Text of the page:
The cards are for the most part a hybrid of standard historiography and filmic storyboarding, which Mark condensed into bullet points of essential information and then carefully alphabetized. Once he had assembled enough data on one of his subjects, he began sketching by placing the relevant index cards detailing specific connections next to the drawing-in-process, then organizing them into larger, aesthetically pleasing networks using a horizontal timeline and a drafting instrument known as a French arc for the sake of what he called “compositional unity.”
As we have seen, Lombardi called his postmodern interlocks “narrative structures,” suggesting they were visible narratives that can be read just the same as a newspaper story. Small circles in his drawings identified the main players in his scenarios—individuals, corporations, and governments—along the timeline, with arcing lines showing personal and professional links, the often-dramatic curvature suggesting what is known as the “arc” of a dramatic scene. Solid lines or arrows traced influence, dotted lines traced assets, and wavy lines traced frozen assets, like those of the shah of Iran.
By further use of the French arc to connect different sets of players, Lombardi extrapolated the boxy or pyramidal forms of conventional interlock charts into arcing bursts which could be taken for the trace-patterns of Fourth of July fireworks or the constellations of a summer night sky until the viewer realizes, particularly in the later, more elaborate drawings, that he or she is looking at a visualization of the distortions created by corruption in the global (literally, globe-shaped) economy.
In the French arc, Lombardi finally found a way to compensate for his lack of technical drawing skills, using it to transform his weak and squiggly sketches into dramatic supernovas that strongly evoke the explosion of the natural financial order by some uncontrollable force.
Lombardi once joked to his friend Andy Feehan that you could tell people the truth and few would really care. In that sense, his insistence that he was “only interested in creating traditional objects of beauty, available for contemplation without theoretical buttressing” is tongue-in-cheek, an invitation to a prankishly exciting but dangerous game of hide-and-seek.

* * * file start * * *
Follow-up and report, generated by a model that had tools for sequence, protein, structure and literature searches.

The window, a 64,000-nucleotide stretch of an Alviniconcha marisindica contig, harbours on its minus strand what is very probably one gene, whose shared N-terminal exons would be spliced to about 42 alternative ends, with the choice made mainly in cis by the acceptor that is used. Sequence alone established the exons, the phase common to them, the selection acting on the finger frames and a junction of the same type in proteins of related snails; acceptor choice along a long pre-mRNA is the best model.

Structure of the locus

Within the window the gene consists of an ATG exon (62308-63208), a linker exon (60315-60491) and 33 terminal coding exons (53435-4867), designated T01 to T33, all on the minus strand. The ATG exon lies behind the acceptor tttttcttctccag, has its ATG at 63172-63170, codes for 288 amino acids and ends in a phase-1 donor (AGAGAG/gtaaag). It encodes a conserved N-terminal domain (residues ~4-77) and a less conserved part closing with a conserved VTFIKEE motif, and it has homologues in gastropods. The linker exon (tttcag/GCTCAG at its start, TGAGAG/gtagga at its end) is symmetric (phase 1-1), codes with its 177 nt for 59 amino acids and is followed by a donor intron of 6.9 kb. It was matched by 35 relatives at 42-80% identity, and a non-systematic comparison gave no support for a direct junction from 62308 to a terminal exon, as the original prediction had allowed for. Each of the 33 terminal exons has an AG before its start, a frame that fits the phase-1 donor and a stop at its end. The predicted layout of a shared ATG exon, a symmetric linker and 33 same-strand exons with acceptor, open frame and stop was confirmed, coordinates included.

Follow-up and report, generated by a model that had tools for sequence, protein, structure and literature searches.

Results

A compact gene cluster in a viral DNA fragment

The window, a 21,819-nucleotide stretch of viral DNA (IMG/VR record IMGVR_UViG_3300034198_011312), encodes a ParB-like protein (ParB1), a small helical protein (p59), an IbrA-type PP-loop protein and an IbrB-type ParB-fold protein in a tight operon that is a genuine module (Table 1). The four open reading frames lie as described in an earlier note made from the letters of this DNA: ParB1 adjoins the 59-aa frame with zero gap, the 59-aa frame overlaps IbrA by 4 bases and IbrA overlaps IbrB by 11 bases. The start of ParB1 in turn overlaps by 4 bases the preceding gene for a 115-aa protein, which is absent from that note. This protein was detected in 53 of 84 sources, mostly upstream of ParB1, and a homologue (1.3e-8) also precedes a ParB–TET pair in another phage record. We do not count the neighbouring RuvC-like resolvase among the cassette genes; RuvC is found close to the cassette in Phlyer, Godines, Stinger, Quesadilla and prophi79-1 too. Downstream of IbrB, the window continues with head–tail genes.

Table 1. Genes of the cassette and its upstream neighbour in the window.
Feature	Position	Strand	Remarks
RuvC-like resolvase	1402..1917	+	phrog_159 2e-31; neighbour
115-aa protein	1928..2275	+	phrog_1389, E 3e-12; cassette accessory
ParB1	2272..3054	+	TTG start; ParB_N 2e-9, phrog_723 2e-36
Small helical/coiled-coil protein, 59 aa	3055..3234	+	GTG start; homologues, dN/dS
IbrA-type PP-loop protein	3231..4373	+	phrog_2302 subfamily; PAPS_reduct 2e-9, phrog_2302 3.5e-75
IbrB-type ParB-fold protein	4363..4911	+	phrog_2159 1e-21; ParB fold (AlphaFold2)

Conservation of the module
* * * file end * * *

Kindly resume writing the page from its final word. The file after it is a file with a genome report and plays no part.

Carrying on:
Or, as a critic more breathlessly put it: “Their fragile wholeism is poisoned by the sinister and cynical events they describe. The art critic might have been speaking for John Kerry’s Senate investigating committee on BCCI. In 1994, just as the committee lamely wound down its probe of how the rogue bank manipulated the commodities and securities markets by acknowledging that it lacked the resources to complete it, Lombardi produced, at white-hot speed and as if on cue, a series of eight drawings that were a laundry list of the leads the Senate said it lacked the resources to explore. They include the relationships between BCCI and Banca Nazionale del Lavoro, the large state-owned Italian bank that collaborated with US and British intelligence in a plan to finance the Iraqi arms buildup of the 1980s (BNL). They also include links between the bank and late CIA Director William Casey (the first version of BCCI-ICIC-FAB); the extent of BCCI’s involvement with Pakistan’s nuclear program (Gerry Bull), and the dealings of its directors with fraudulent S&L chief Charles Keating on which Lombardi is shockingly explicit in view of future Fed chief Alan Greenspan’s endorsement of Keating (Lincoln verso: Silverado).
In 1996 Paul Schimmel, now chief curator at the Los Angeles Museum of Contemporary Art, returned to Houston to jury a blind exhibition at the Lawndale Art and Performance Center. Among the anonymous entries was a small, oddly pretty diagrammatic drawing entitled Neil Bush, Silverado, MDC, Walters and Good that, as the Houston Chronicle put it, “mapped the complicated relationships of Neil Bush and the failed Silverado Savings and Loan in Colorado” in such a way that “Naturally, the piquancy of the subject contributes to the intricacy of the visual experience.”
“When I saw this obsessive-compulsive chart, filled with facts and paranoid fantasy—there was nothing like it,” Schimmel said. He awarded it a prize and was astonished to receive a phone call from his old frenemy, Mark Lombardi, who according to Schimmel said, without any intentional irony, “how much it meant to him, that I had picked him without knowing it was him. It was his first big recognition.”
Featured image: – Still images from a recorded interview filmed by Andy Mann, c. 1996 (Photo Credit: Mark Lombardi Estate)